David Palmer‘s dreams of a second Australian Open title are over for 2010 after he was beaten in four games by sixth-seeded Englishman James Willstrop in today’s (Thursday) second round of the $142,500 PSA World Tour squash event in Canberra – the fourth PSA Super Series championship of the year.
A trio of Englishmen and Egyptians, together with a pair of Frenchmen, have made it through to the last eight of the CSR Viridian-sponsored championship – but the defeat of New South Welshman Cameron Pilley in the final match of the day means that local interest in the biggest squash event in Australia since 1991 has now evaporated.
David Palmer, the 34-year-old from New South Wales who has hinted he may retire at the end of the year, was unable to complete a fairytale return to Australia as Willstrop powered to an 11-1, 9-11, 11-2, 11-3 win and a quarter-final clash with third-seeded Egyptian Amr Shabana.
Palmer looked out of sorts for much of the match and Willstrop took full advantage.
“I played well but I had to play well,” said the 26-year-old from Leeds in Yorkshire. “I don’t think there are any reasons for what happened, apart from I played better. I mean he’s played better than me enough times, so I’m happy to get one over him.”
The match was the 16th Tour meeting between the two players, but the first since March 2009. Palmer, the tenth seed, had won 11 leading in, with Willstrop not having beaten the Australian since September 2007.
In that time Palmer had beaten Willstrop in the finals of two of Britain’s biggest tournaments, the 2008 British Open and the 2009 Canary Wharf Classic.
“We used to seem to meet all the time and in England he’s beaten me in some big tournaments,” said Willstrop after avenging four successive losses to the Australian in England.
“He’s had it over me a few times so to come to Australia and get a win over him is very, very special.”
In the first match of the day top-seeded Englishman Nick Matthew continued his impressive form when he downed colourful Egyptian Wael El Hindi in straight games.
Matthew looked every inch the world number one as he withstood everything El Hindi could throw at him to win 11-6, 11-7, 11-3.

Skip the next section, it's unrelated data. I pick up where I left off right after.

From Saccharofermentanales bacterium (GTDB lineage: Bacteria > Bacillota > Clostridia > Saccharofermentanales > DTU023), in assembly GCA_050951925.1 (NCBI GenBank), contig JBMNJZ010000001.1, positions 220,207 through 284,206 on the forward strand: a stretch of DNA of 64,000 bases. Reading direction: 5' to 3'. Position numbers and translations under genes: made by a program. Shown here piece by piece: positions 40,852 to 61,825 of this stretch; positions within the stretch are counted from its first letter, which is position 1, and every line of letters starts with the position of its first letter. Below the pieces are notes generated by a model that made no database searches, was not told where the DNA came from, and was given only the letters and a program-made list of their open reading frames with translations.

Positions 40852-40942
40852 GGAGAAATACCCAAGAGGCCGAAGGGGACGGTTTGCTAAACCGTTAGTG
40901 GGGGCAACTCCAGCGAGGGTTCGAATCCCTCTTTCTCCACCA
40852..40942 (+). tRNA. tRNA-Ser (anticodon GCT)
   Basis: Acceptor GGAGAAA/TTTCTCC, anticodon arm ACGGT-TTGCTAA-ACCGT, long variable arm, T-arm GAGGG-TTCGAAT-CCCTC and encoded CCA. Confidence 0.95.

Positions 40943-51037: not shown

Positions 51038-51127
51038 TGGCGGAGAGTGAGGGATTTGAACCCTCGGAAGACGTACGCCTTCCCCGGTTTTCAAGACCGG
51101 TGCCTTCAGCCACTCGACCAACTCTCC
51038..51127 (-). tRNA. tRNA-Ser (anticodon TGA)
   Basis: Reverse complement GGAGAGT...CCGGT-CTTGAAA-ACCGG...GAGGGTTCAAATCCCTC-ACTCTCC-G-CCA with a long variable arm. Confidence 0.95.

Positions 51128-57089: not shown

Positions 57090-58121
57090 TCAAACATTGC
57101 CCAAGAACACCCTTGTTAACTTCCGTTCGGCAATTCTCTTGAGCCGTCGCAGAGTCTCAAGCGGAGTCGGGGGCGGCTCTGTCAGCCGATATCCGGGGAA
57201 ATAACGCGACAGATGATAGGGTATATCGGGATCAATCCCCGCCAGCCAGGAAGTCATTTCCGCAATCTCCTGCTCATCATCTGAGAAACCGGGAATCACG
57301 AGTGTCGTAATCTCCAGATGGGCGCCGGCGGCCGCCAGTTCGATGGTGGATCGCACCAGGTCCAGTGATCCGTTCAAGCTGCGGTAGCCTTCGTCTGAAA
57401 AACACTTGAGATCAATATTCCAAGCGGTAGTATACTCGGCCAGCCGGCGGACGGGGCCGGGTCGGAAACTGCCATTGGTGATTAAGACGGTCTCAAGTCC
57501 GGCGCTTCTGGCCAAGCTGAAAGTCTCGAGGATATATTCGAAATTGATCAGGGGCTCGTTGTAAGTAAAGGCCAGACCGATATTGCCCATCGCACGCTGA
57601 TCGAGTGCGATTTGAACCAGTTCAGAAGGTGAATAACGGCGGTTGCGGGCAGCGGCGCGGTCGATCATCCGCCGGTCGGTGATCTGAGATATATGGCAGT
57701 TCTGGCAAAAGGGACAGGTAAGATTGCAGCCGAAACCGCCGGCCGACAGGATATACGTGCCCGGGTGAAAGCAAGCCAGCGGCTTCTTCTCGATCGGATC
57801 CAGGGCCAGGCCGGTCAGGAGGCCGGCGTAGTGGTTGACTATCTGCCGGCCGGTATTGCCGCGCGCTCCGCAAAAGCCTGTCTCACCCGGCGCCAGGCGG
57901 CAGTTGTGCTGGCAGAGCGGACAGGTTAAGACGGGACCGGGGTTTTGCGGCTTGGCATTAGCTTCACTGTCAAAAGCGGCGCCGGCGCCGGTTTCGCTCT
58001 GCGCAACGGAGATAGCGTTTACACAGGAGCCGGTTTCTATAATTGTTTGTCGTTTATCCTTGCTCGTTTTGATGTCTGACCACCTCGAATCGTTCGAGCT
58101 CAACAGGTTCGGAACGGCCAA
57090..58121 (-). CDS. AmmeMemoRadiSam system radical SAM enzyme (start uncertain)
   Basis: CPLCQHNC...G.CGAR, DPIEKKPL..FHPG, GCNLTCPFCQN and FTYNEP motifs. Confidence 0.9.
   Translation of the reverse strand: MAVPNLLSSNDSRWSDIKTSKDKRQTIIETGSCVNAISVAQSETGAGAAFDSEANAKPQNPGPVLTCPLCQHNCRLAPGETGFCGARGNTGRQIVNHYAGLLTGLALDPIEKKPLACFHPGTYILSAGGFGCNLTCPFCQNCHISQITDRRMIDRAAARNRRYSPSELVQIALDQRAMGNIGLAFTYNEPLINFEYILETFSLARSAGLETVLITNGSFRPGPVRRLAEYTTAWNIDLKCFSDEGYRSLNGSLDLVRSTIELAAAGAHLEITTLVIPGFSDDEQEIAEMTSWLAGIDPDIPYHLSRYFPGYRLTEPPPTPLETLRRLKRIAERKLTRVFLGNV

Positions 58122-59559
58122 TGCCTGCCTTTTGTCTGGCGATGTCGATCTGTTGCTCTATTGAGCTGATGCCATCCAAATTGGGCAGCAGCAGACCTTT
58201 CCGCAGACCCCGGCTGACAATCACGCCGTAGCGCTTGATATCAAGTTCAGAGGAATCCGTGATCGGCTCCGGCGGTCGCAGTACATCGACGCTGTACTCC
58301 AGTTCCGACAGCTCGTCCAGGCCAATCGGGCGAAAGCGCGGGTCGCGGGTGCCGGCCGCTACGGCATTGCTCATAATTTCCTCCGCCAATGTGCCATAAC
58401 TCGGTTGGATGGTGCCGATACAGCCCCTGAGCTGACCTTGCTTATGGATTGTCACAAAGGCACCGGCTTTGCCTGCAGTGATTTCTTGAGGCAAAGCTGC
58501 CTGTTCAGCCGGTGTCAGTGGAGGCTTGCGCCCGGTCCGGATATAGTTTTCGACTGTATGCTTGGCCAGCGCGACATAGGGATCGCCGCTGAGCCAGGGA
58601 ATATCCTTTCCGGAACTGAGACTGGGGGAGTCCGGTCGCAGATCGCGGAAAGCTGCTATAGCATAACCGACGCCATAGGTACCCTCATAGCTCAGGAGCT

“I set my stall out from the word go to give him nothing, but not to be too negative,” Matthew said. “It’s not an easy balance but I think I found it quite well.
“Wael started playing when he was snookered, when he was seven, eight points down. If he’d played like that from the start it would have been brutal”
Yorkshireman Matthew now plays England team-mate Peter Barker, who had an easy passage into the final eight when fellow countryman Adrian Grant was forced to retire ill while trailing 11-1, 1-0.
After a tight first game Ashour steamed through the second with some brilliant shot making before Pilley came back in the third, only just losing the game in a tiebreaker.
Ashour’s form looks just as good as that of Matthew, the Englishman who succeeded him as world number one in June.
However lurking in the wings are a host of ex-world number ones including French duo Gregory Gaultier and Thierry Lincou – and Egyptian pair Karim Darwish and Amr Shabana.
Gaultier looked like he was back to his best as he downed Englishman Tom Richards 11-7, 11-7, 11-6 in the first match of the evening session.
Richards had surprised countryman Daryl Selby in the first round but had no answer to Gaultier as the Frenchman cruised to a comfortable win and a quarter-final against Darwish, who impressively beat fellow Egyptian Mohamed El Shorbagy11-5, 11-9, 11-6.
Gaultier had never played Richards before but said he knew he was one of the fastest improving players on the tour. “He has started to get into the main draw of the big tournaments and I’ve seen him at those, and also I watched him yesterday,” said the 27-year-old from Aix-en-Provence.
“So I knew what to expect and I knew that I would have to play a big match to beat him. I’ve been back in France putting in six to seven weeks good training and I am happy to be here playing in a tournament again.
“I’ve got my motivation back for the big tournaments.”
Lincou made it two French into the last eight when he came from a game down to beat a fired up Laurens Jan Anjema 5-11, 11-9, 11-4, 13-11.
“He was very solid from the start,” Lincou said of his Dutch opponent. “I knew I had to break his momentum and his pace, so I had to stay with him in the rallies.
“I had very good patches, especially in the third, other than that it was very tense.”
 Nick Matthew (ENG) bt  Wael El Hindi (EGY) 11-6, 11-7, 11-3
 Peter Barker (ENG) bt  Adrian Grant (ENG) 11-1, 1-0 ret.
 Amr Shabana (EGY) bt Ong Beng Hee (MAS) 12-10, 11-6, 11-8
 James Willstrop (ENG) bt  David Palmer (AUS) 11-1, 9-11, 11-2, 11-3
 Gregory Gaultier (FRA) bt Tom Richards (ENG) 11-7, 11-7, 11-6
 Karim Darwish (EGY) bt  Mohamed El Shorbagy (EGY) 11-5, 11-9, 11-6
 Thierry Lincou (FRA) bt  Laurens Jan Anjema (NED) 5-11, 11-9, 11-4, 13-11
 Ramy Ashour (EGY) bt  Cameron Pilley (AUS) 11-7, 11-3, 14-12